When Pichot was offside at a scrum, Montgomery made it 27-13 and then when Juan Martín Fernandez Lobbe played Du Preez when he did not have the ball Montgomery made it 30-13.

The last try was again a bit of poaching. The Pumas were attacking and going right. Hernández threw a long pass but Habana snatched it out of the night air and, smiling with great contentment, raced over 70 metres down the field for a celebratory dive under the bar. Montgomery converted,.

There were a few minutes left. Substitutes came pouring on, the game became a bit bad tempered and eventually the final whistle ended the affair. In those fractious few minutes Juan Smith was sent to the sin bin for a high tackle on Hernández, to be followed by Felipe Contepomi for a back handed slap into Bismarck du Plessis's eye.

Man of the Match: Agustín Pichot and Juan Martín Scelzo made life difficult for the Springboks. Scelzo went off in the first half. Had he stayed he would have been a really strong candidate as he gave his side their best chance of winning. For the Springboks there were the flanks, Juan Smith and Schalk Burger - smashing into the Pumas, looking to use whatever ball they could get their hands on. But our man of the match was Bryan Habana for two excellent, long-range tries, adding glitter to the city of many glittering lights.

Moment of the Match: Any of the four tries the Springboks scored but above all Bryan Habana's first try. There was nothing lucky about the bounce of the ball. It did not matter where it bounced. Habana was simply going to score.

Villain of the Match: There were two yellow cards for Juan Smith and Felipe Contepomi. Felipe Contepomi probably deserved it more for he had just been spoken to for losing his head and then he, a surgeon, lost it even more with a bit of silly petulance. There should also be a communal award for all those players who gave the referee advice.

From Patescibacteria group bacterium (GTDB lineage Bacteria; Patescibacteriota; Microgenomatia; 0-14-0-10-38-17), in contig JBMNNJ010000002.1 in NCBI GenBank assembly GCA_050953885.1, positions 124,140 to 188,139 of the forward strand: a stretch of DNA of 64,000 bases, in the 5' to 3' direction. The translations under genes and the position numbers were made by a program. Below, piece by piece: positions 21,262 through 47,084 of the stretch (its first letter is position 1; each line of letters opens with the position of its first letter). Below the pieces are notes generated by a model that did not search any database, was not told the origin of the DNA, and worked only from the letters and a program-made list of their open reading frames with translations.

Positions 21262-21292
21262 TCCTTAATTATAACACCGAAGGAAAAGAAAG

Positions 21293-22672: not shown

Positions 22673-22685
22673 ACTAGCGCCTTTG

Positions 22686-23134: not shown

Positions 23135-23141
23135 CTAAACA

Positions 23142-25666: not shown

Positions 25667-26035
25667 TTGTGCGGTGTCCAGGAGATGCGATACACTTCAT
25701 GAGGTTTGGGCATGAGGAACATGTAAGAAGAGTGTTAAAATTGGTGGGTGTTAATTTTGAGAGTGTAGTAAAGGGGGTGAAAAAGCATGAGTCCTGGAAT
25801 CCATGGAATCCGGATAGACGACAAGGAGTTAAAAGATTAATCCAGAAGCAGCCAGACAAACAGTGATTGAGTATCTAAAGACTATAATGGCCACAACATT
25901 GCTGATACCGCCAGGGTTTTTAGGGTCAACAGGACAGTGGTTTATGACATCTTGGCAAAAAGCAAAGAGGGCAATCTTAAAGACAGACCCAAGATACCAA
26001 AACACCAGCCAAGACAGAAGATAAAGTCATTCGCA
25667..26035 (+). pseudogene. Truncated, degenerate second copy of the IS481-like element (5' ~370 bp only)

The scorers:

For South Africa:

Tries: Du Preez, Habana 2, Roussouw

Cons: Montgomery 4

Pens: Montgomery 3

For Argentina:

Try: Manuel Contempomi

Con: Felipe Contempomi

Pens: Felipe Contempomi 2

Yellow cards: Smith (South Africa, 78, high tackle), Felipe Contempomi (Argentina, 79, punching)

South Africa: 15 Percy Montgomery, 14 JP Pietersen, 13 Jaque Fourie, 12 François Steyn, 11 Bryan Habana, 10 Butch James, 9 Fourie du Preez, 8 Danie Rossouw, 7 Juan Smith, 6 Schalk Burger, 5 Victor Matfield, 4 Bakkies Botha, 3 CJ van der Linde, 2 John Smit (captain), 1 Os du Randt.

Replacements: 16 Bismarck du Plessis, 17 Jannie du Plessis, 18 Johann Muller, 19 Bob Skinstad, 20 Ruan Pienaar, 21 André Pretorius, 22 Wynand Olivier.

Argentina: 15 Ignacio Corleto, 14 Lucas Borges, 13 Manuel Contepomi, 12 Felipe Contepomi, 11 Horacio Agulla, 10 Juan Martín Hernández, 9 Agustín Pichot (captain), 8 Gonzalo Longo, 7 Juan Martín Fernandez Lobbe, 6 Lucas Ostiglia, 5 Patricio Albacete, 4 Carlos Ignacio Fernandez Lobbe, 3 Juan Martín Scelzo, 2 Mario Ledesma, 1 Rodrigo Roncero.

Replacements: 16 Alberto Vernet Basualdo, 17 Omar Hasan, 18 Rimas Álvarez Kairelis, 19 Juan Manuel Leguizamón, 20 Nicolás Fernandez Miranda, 21 Federico Todeschini, 22 Gonzalo Tiesi.

Referee: Steve Walsh (New Zealand)

Touch judges: Alain Lewis (Ireland), Chris White (England)

Television match official: Tony Spreadbury (England)